Reference:  Handmade Paper in Tuckenhay Devon by Catherine Cox (1977)
The Beater Room.
Despite the sorters and the magnet enemies to perfect papermaking may still lie hidden in the rags so once more they are overlooked and thrown into a bin.
In the Beater Room the floor is on two levels - on the top half are the breakers and washers and in the lower half the beaters.
A box known as the distributor has valves in it, which connect through pipes to a subterranean chamber, the Bleach house and also to chests in the Vat house. The breakers, washers and beaters are all oval lead lined containers within which are the mechanics of beating: the fly bars, bedplates, rolls and drums.
Filling the breaker with rags and water the bladed barrel on one side of the breaker, churns round like a steamers' paddle wheel - these are the flybars, while on the other side a drum of brass wire sucks away the dirty water.
The roll is put down carefully as the rags and the water revolve. This is to draw out the fibres - which gives the finished paper its body.
Here in the breaker the rags are washed and bleached for half an hour, washed again, then let down into tanks in the bleach house, where this Half stuff, as it is known, stays in bleach for twenty four hours.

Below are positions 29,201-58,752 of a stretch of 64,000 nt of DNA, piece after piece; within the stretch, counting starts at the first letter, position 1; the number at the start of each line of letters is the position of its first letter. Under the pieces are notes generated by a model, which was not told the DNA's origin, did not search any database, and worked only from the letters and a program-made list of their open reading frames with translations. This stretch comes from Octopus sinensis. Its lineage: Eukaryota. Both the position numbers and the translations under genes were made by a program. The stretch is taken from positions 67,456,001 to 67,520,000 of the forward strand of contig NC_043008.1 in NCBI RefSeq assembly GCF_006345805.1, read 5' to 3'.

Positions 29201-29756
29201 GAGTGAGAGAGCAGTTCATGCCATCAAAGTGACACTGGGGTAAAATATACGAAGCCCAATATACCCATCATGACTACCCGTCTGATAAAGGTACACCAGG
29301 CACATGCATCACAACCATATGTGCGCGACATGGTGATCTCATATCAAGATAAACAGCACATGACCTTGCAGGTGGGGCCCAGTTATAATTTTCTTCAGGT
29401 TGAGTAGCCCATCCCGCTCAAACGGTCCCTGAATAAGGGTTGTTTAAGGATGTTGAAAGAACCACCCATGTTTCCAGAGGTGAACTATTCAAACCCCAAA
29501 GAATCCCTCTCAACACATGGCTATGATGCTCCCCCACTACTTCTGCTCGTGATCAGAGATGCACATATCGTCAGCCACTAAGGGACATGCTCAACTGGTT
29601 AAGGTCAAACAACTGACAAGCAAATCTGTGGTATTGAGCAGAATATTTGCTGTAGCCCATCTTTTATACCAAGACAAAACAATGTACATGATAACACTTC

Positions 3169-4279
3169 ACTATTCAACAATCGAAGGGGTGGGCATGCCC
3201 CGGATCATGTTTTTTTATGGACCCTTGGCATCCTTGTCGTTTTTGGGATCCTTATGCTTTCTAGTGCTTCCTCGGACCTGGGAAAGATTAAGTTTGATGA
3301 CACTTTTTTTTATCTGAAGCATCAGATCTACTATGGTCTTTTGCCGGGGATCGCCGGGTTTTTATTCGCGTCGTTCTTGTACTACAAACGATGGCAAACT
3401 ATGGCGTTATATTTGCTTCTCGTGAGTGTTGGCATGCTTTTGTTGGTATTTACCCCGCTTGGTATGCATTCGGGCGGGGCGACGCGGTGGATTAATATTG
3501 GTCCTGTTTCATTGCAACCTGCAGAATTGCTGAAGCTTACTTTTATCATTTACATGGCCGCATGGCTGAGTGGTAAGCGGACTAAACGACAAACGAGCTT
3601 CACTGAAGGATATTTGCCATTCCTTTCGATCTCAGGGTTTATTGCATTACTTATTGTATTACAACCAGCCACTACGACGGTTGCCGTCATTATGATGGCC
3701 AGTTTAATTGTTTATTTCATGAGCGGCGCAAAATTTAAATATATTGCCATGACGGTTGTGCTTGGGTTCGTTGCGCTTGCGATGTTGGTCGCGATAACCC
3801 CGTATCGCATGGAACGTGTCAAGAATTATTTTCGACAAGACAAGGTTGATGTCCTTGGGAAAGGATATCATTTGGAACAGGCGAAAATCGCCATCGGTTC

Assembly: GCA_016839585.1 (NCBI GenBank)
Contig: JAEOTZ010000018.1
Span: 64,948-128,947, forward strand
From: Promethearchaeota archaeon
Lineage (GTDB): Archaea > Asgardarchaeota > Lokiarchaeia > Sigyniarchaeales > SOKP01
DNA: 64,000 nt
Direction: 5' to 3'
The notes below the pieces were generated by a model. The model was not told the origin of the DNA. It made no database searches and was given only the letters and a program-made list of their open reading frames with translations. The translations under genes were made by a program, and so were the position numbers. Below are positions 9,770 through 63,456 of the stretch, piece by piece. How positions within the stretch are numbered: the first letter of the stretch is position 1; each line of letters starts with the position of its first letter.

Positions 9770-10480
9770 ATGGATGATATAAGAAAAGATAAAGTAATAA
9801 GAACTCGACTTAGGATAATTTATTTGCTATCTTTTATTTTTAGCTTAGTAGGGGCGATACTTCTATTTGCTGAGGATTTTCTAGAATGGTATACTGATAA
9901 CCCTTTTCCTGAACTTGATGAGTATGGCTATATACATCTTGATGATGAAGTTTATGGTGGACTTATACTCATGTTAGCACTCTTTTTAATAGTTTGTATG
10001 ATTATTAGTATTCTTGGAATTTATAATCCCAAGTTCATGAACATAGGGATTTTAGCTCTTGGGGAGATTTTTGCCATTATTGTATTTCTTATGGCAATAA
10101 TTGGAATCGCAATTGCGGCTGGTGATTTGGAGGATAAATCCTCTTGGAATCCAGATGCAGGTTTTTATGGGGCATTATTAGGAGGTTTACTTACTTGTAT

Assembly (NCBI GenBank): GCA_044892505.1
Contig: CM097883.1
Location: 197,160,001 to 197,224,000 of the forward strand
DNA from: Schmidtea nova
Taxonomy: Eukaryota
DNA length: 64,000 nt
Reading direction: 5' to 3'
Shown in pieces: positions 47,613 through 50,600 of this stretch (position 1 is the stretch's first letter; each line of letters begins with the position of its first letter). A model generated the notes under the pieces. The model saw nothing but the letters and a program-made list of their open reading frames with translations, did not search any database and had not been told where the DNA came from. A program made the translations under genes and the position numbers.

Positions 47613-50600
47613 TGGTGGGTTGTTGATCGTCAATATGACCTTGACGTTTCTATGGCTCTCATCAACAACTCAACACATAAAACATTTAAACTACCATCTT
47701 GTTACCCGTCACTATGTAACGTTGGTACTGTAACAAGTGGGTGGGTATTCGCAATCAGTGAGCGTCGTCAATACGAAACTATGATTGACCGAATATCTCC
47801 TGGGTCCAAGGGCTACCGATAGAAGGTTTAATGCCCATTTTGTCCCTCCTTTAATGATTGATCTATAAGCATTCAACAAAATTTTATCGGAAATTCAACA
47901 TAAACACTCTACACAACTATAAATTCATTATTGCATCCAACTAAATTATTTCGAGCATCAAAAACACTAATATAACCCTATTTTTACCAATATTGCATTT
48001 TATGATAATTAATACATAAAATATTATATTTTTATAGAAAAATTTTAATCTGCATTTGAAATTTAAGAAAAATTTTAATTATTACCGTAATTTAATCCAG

The beds of the bleaching tanks have Delebole slates for drawing off the liquid. When drained the solid mass is forked on to trolleys and returned to the room.
Again this is fed into the washer which revolves and thoroughly washes the half stuff for two hours.
It is a principle of great papermaking that the less chemicals the better the pulp. Broken, bleached, washed and perfected, the stuff is now dropped into the beater. Here, the shortening of the fibres starts, when breaking starts the fibres are long. The fibres are cut between the edges of the flybars and the bedplate bars. Shortening progresses rapidly, but as the beating proceeds, the length of the fibres diminish more slowly.
Temperature has an important effect on beating, prolonged beating will cause the stuff to heat. This brings a moan from the vat house as the vatman cannot keep the stuff wet.
When the pulp is ready for testing the beaterman takes two hand bowls, scoops up a few ounces of the pulp, mixes it with pure water and then throws the liquid backwards from one bowl to the other. Pouring off the water, he adds fresh clean water, the pulp is now so diluted it needs the expert eye of the beaterman to see the tiny fragments. No scientific instruments were used at Tuckenhay before 1950. Tests have been made this way through the years, the information was always handed on from father to son.
Satisfied the pulp is ready the beaterman opens one of the holes in the box, pulls the valve in the beater, and the pulp slowly empties into the box, it then passes through the pipes into the chests in the vat house.
Reference: The Story of Handmade Paper (1924)
Wookey Hole Mill, Somerset